There’s no avoiding the fact that EVs are still considerably more expensive to buy than petrol/diesel cars and that's largely down to the cost of the batteries. Doing a side-by-side comparison for cars that use the same platform and chassis, the battery electric version will normally be £5-10,000 more expensive than the petrol or diesel model. In a world where diesel can cost up to £1.80 a litre, the on-going running cost for an EV will quickly start to balance out the increased purchase price. With the recent sharp rise in electricity prices: Is it really cheaper to drive an EV?
The simple answer is “yes”, per mile. But the more complex answer is by how much, and that depends on where you can charge. Let’s compare a similar petrol car with an EV. We’re going to use a Volkswagen Golf 8 1.0 TSI in Life trim as our petrol example, and a Volkswagen ID.3 Pro Performance in Life trim as our EV. At the time of writing, the Golf 8 started at £25,340, and the ID.3 was over £10,000 more at £35,835.
If you can charge at home most of the time, then an EV can easily halve your cost per mile, and that saving will be a lot bigger with a low-price overnight tariff.
The Golf 8 is rated for 52.3 mpg, and the ID.3 is rated for 4 miles per kWh. Of course, in the real world both are unlikely to achieve these figures, but they are both derived using the WLTP testing procedure, so it’s not an unfair comparison. According to the RAC’s Fuel Watch (at the time of writing) a litre of unleaded petrol was 165.62p on average in the UK. There are 4.54609 litres in a UK gallon, so that’s 752.92p per gallon. That means the Golf 8 is costing 14.4p per mile in petrol on average.
The charging costs for the ID.3 vary greatly, depending on where you charge. If you’re lucky enough to have home charging and a cheap overnight tariff, you could be paying just 7.5p per kWh, which equates to 1.88p per mile. On the other hand, a typical electricity rate is 29p per kWh, which is 7.25p per mile. Ubitricity lamppost chargers are currently 32p per kWh, which is 8p per mile. Osprey DC chargers cost 49p per kWh, which is 12.25p per kWh. At the top end of the EV price-per-kW scale sit the IONITY chargers at 72p per kWh, which is 18p per kWh.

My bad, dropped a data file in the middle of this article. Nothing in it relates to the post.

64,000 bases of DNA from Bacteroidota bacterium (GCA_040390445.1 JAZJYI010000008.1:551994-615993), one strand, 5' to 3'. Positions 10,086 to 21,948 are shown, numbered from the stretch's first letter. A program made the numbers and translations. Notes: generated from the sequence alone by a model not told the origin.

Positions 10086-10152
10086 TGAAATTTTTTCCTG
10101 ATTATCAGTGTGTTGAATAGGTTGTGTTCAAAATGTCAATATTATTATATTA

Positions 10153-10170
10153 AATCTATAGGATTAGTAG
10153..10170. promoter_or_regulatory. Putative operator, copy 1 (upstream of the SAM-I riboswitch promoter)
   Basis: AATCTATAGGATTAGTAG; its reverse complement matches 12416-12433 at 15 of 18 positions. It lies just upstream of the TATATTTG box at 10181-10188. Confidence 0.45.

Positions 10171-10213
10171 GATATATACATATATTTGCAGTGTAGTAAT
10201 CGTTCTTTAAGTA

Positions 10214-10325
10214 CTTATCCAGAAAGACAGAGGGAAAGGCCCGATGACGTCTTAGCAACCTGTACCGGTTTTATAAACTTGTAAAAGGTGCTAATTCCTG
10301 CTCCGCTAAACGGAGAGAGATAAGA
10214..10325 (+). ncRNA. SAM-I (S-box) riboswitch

In other words, if you always use the IONITY network at this price it will be more expensive to run the ID.3 per mile than the Golf 8. But to be fair, if you always refuelled at motorway service stations, you will be paying a lot more for petrol too – at least 10p more per litre, over 45p more per gallon. Every other charger choice is cheaper, and EV owners can clearly save huge amounts by avoiding expensive public chargers and using home or lamppost options as much as possible. If you can do that, EVs can halve the cost per mile, and a lot more with a low-price overnight tariff. According to the RAC, British drivers average close to 7,000 miles on the road per year. If you’re paying around 7p less for each mile, then that's a saving of nearly £500 a year. Plus, the further you drive, the more you'll save.
However, another factor that could make an EV considerably cheaper to run is if you regularly drive within London’s Congestion Charge Zone or one of the Ultra-Low Emission Zones (ULEZ) now arriving in UK cities. Until 2025, battery EVs don’t pay the Congestion Charge, which is a £15 saving every day. London’s ULEZ costs £12.50 a day, and on October 25th, 2021, that extended to within the North and South Circular roads, a much larger area than the Congestion Charge. So that would make £27.50 saved for driving in central London per day. Birmingham and Leeds are looking to implement clean air zones costing up to £10 a day, and Oxford is considering banning everything except zero-emissions vehicles from the city centre.
There are other factors in the total cost of owning an EV compared to petrol or diesel. The high resale value and low maintenance needs of EVs means they are often available with cheaper monthly lease prices than the purchase price would imply, and servicing costs can be much lower too. But these are questions we will reply to in future EV Answers. Even without these considerations, on a day-to-day fuel basis, EVs are cheaper to drive than petrol.